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Central Banks, IMF Monitor Emerging Markets for Spillover Affects

Central Banks, IMF Monitor Emerging Markets for Spillover Affects

Bradley A. Kearns,

Talking Points:

  • Many policy figures have spoken to the concern of emerging markets over the months
  • IMF Director Largade is bullish on India and thinks China will miss hard landing
  • BoE, ECB, Fed all see potential domestic risks from developing nations

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A range of policy officials expressed concern over the health of the global outlook in various speeches through Thursday’s trading session. IMF Managing Director Christine Largarde expressed her worries over emerging markets (EM) during a speech at the University of Maryland. She noted that the slowdown and outflows coming from these economies are worrisome.

Largarde made references to particular countries. She said the IMF is bullish on India, saying that low energy prices is a benefit for the nation; and that the country should do well if the reforms from Prime Minister Modi are passed. Perhaps looking to assuage market fears, she expected China’s transition to a service oriented economy should occur smoothly and without a hard landing granted the use of correct policies to guide it. The IMF is also closely watching Nigeria - a country negatively affected by the oil shock - and will lend assistance if needed.

Central bank heads, such as Bank of England Governor Mark Carney and European Central Bank President Mario Draghi, had also discussed the potential downside risks of developing countries. After the BoE’s February rate decision, Carney said that China’s rebalancing of its economy poses dangers and that global financial conditions have deteriorated. Draghi believes that the risk sentiment towards EM may shift swiftly.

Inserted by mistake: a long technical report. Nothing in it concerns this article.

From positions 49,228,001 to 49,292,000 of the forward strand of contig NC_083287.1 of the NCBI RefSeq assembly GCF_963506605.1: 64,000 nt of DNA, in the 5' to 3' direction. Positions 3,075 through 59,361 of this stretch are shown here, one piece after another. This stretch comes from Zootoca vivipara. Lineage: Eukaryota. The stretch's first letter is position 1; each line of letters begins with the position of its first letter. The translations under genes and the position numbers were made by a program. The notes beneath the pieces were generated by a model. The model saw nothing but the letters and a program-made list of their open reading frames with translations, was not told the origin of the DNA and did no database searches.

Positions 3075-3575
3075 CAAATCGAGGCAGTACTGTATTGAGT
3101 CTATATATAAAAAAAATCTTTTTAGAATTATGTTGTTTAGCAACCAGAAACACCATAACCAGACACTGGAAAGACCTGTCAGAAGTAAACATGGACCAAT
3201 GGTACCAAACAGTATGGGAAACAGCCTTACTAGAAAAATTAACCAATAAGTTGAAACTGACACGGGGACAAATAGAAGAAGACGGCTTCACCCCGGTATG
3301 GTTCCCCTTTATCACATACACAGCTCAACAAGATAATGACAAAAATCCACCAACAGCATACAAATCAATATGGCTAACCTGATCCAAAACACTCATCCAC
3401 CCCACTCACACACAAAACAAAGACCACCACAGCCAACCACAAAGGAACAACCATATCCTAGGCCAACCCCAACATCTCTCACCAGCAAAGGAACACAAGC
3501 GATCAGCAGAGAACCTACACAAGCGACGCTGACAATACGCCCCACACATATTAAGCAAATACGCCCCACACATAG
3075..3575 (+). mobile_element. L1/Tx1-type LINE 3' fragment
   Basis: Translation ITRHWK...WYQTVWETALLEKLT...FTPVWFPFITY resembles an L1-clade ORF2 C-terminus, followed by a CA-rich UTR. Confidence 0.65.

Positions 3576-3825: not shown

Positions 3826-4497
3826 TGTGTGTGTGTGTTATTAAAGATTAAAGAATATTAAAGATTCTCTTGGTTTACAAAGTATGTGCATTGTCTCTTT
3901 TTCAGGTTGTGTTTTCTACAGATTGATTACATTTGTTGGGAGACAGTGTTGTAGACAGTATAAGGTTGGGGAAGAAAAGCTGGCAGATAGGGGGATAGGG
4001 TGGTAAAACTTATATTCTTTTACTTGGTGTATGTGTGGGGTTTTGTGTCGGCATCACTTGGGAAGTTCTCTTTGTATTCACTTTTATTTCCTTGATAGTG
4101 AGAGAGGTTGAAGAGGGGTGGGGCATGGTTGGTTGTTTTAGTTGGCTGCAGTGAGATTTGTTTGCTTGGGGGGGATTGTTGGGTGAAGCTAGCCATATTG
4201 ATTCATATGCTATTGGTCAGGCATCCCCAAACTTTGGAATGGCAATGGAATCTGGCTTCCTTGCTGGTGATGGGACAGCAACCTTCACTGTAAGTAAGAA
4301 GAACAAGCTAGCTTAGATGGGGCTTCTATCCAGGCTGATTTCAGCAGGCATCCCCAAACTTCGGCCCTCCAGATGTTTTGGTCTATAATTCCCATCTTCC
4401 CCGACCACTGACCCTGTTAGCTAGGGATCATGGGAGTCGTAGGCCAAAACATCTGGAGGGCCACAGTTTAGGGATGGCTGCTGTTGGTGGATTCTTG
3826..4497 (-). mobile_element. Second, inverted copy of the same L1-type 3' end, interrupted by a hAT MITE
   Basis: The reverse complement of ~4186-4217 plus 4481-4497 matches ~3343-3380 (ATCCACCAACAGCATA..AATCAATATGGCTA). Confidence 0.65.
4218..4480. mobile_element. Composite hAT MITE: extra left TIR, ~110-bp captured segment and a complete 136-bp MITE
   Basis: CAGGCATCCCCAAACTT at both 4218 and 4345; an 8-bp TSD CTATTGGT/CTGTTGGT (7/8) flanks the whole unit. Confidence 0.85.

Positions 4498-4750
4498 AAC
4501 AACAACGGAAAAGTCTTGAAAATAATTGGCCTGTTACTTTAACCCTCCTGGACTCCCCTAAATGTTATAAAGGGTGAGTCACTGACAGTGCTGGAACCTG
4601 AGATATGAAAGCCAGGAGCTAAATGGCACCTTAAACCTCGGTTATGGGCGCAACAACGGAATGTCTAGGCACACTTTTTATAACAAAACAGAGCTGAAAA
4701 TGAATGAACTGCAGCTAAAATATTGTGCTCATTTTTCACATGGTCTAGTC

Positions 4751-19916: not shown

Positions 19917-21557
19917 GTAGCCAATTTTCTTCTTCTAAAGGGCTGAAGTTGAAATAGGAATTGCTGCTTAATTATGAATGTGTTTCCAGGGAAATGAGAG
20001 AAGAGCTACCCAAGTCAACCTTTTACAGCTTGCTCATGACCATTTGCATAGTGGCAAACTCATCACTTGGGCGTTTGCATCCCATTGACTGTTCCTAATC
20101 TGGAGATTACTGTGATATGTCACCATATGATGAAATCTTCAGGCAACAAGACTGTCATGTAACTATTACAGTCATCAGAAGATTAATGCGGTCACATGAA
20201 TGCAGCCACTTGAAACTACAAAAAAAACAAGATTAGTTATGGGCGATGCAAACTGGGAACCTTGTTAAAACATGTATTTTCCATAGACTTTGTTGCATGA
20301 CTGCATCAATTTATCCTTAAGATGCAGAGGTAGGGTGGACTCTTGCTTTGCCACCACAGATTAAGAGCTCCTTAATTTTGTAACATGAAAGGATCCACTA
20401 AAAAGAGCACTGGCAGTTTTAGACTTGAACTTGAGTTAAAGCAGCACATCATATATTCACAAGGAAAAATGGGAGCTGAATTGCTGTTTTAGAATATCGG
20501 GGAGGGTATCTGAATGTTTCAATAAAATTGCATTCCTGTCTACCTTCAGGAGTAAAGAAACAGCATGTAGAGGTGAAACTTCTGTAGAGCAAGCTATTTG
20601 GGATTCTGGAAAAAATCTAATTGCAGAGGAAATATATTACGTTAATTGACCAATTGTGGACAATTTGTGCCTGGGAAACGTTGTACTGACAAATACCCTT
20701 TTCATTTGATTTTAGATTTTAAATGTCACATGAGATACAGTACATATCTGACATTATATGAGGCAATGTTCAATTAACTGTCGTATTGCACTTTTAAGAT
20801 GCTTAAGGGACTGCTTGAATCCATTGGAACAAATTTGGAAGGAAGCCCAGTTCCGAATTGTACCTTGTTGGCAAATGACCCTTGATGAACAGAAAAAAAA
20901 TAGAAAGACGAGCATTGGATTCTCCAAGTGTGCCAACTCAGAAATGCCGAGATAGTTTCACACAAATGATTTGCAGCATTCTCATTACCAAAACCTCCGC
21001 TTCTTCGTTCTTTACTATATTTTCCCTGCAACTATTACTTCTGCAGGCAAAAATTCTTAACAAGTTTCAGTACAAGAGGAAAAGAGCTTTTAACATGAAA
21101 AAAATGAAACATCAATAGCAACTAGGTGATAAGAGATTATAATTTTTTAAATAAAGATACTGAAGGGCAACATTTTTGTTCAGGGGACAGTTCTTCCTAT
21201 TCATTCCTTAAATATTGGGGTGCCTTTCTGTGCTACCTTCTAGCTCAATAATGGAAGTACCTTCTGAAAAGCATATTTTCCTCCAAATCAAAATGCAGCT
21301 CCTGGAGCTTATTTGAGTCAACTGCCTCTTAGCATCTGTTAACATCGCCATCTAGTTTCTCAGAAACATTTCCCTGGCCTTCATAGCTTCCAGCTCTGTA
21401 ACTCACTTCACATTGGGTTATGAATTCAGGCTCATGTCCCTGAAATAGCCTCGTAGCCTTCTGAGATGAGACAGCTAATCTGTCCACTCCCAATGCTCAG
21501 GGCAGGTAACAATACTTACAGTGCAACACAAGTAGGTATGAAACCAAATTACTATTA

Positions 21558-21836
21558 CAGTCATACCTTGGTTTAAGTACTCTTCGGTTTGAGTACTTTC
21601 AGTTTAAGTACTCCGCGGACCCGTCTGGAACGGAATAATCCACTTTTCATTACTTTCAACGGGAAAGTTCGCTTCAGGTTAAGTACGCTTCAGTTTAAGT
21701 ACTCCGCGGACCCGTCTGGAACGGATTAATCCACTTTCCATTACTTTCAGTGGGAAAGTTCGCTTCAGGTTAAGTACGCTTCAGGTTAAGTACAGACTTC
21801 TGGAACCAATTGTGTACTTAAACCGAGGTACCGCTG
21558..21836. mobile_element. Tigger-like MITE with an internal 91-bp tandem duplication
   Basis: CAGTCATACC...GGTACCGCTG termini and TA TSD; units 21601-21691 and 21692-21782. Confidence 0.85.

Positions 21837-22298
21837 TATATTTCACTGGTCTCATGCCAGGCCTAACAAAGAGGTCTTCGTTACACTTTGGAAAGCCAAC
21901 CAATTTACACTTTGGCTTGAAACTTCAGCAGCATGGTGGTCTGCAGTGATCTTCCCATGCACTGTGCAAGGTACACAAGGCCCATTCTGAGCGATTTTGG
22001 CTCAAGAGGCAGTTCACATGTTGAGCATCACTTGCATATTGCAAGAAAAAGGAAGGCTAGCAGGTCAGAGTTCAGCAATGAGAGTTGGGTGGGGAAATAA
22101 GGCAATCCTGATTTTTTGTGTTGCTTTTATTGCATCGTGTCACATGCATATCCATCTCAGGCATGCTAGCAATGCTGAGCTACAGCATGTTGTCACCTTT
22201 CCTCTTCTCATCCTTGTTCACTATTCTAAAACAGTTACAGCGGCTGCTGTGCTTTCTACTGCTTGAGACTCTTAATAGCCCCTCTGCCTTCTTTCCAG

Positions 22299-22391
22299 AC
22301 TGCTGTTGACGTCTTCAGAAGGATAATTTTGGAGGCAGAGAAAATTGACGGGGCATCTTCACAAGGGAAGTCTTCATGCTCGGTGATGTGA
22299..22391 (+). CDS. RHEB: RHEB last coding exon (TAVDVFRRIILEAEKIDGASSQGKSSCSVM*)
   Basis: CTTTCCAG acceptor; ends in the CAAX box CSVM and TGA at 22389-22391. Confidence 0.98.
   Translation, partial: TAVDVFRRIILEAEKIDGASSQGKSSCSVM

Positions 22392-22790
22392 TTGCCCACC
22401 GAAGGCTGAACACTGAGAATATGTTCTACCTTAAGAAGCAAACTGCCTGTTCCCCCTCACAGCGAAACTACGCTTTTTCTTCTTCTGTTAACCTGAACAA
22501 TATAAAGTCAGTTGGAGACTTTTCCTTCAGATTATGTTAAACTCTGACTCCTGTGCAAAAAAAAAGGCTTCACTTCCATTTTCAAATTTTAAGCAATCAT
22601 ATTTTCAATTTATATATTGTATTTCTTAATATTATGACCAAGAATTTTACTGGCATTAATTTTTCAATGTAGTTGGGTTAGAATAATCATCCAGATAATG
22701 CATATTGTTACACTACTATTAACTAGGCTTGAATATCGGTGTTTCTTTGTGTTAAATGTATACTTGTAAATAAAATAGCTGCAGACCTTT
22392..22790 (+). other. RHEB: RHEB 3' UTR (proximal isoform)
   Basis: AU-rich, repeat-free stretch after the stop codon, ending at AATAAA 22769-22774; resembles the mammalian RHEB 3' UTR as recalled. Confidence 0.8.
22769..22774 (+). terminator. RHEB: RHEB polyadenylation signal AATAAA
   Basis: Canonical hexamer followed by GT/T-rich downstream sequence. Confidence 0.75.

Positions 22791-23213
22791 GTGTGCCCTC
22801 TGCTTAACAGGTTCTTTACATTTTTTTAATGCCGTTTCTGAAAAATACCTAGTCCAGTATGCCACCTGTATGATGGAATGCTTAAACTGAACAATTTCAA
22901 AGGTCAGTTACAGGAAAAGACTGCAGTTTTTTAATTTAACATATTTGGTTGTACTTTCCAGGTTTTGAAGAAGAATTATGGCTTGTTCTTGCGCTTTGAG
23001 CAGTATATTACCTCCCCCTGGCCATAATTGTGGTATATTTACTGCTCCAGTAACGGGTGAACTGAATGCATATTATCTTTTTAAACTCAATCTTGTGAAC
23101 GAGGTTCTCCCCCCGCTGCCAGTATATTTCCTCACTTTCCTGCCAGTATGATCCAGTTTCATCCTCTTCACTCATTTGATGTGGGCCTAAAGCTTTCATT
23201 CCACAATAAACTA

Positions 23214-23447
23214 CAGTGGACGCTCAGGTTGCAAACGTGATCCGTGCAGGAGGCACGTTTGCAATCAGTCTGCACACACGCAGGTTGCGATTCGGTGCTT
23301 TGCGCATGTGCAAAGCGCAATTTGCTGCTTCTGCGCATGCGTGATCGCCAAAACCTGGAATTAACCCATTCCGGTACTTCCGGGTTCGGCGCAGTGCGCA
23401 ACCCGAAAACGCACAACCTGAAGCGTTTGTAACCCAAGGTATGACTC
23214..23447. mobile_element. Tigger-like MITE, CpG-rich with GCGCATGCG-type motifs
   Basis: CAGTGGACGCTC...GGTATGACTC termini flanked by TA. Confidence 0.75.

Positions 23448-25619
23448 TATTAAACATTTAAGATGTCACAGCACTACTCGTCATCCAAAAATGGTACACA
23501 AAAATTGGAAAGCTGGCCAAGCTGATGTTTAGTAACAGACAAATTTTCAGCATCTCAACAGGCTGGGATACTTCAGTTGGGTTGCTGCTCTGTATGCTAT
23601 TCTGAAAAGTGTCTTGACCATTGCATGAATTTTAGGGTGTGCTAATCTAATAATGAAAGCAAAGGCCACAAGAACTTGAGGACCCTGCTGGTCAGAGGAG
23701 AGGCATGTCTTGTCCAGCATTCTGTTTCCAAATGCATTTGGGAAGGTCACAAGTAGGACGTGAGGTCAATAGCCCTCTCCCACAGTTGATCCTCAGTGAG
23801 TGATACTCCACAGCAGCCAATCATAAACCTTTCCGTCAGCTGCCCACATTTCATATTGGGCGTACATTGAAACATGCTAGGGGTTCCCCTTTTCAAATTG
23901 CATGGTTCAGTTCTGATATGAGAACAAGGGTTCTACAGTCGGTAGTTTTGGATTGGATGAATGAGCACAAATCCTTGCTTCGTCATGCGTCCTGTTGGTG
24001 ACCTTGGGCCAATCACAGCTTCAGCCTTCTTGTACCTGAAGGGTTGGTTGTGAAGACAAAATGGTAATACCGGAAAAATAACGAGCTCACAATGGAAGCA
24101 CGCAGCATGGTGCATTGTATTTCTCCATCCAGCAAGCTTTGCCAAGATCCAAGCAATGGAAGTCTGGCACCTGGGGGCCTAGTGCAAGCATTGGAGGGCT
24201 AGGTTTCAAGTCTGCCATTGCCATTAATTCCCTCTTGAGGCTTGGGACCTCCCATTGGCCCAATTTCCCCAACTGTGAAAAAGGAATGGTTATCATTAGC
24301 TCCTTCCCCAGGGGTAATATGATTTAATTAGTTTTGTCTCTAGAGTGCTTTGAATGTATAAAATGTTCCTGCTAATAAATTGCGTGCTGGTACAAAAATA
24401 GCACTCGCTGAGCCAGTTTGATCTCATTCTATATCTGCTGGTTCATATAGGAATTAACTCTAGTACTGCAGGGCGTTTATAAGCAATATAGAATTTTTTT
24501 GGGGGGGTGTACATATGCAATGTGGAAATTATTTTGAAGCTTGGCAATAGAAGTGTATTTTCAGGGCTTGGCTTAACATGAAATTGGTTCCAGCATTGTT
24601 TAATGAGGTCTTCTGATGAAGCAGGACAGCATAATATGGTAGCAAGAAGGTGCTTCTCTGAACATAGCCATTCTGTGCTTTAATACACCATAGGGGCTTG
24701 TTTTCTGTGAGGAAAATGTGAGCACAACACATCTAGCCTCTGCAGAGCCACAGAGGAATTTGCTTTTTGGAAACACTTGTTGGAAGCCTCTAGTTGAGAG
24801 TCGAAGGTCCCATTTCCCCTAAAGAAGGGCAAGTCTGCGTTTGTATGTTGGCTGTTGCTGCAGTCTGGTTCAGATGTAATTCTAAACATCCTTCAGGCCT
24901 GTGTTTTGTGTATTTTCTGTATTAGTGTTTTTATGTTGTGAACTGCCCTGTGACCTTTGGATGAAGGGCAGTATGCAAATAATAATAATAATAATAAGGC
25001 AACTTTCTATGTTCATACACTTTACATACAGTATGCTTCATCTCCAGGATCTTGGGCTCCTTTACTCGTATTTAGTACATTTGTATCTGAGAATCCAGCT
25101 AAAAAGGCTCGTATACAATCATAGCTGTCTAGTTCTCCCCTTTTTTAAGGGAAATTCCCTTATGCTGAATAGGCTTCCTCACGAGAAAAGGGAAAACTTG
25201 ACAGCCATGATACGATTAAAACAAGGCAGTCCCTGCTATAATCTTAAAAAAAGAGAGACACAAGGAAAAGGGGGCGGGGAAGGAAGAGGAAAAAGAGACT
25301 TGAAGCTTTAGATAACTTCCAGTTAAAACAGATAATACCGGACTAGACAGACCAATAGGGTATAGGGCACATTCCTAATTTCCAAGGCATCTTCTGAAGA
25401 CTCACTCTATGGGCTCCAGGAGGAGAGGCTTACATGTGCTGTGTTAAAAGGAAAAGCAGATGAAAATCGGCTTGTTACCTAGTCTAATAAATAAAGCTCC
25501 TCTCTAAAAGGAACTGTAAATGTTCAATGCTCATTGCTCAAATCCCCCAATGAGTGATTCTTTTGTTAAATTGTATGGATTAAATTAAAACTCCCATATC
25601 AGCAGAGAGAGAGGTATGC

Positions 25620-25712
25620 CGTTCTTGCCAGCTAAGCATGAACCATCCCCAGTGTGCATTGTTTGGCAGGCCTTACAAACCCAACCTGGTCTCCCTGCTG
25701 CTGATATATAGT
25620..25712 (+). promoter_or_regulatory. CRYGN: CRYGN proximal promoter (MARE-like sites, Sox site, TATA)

The Federal Reserve saw two of its members speak about the international landscape during the trading session. Dallas Fed President Robert Kaplan (non-voter in 2016) said the central bank is monitoring global conditions to see if they impact GDP, employment and inflation. He did note that foreign developments have subdued the appetite for policy normalization. His beliefs found some common ground with his Cleveland Fed President colleague Loretta Mester – a voting member. She said that the global outlook and market turmoil pose risks to the US, but she maintained further withdrawal of accommodation was still warranted.

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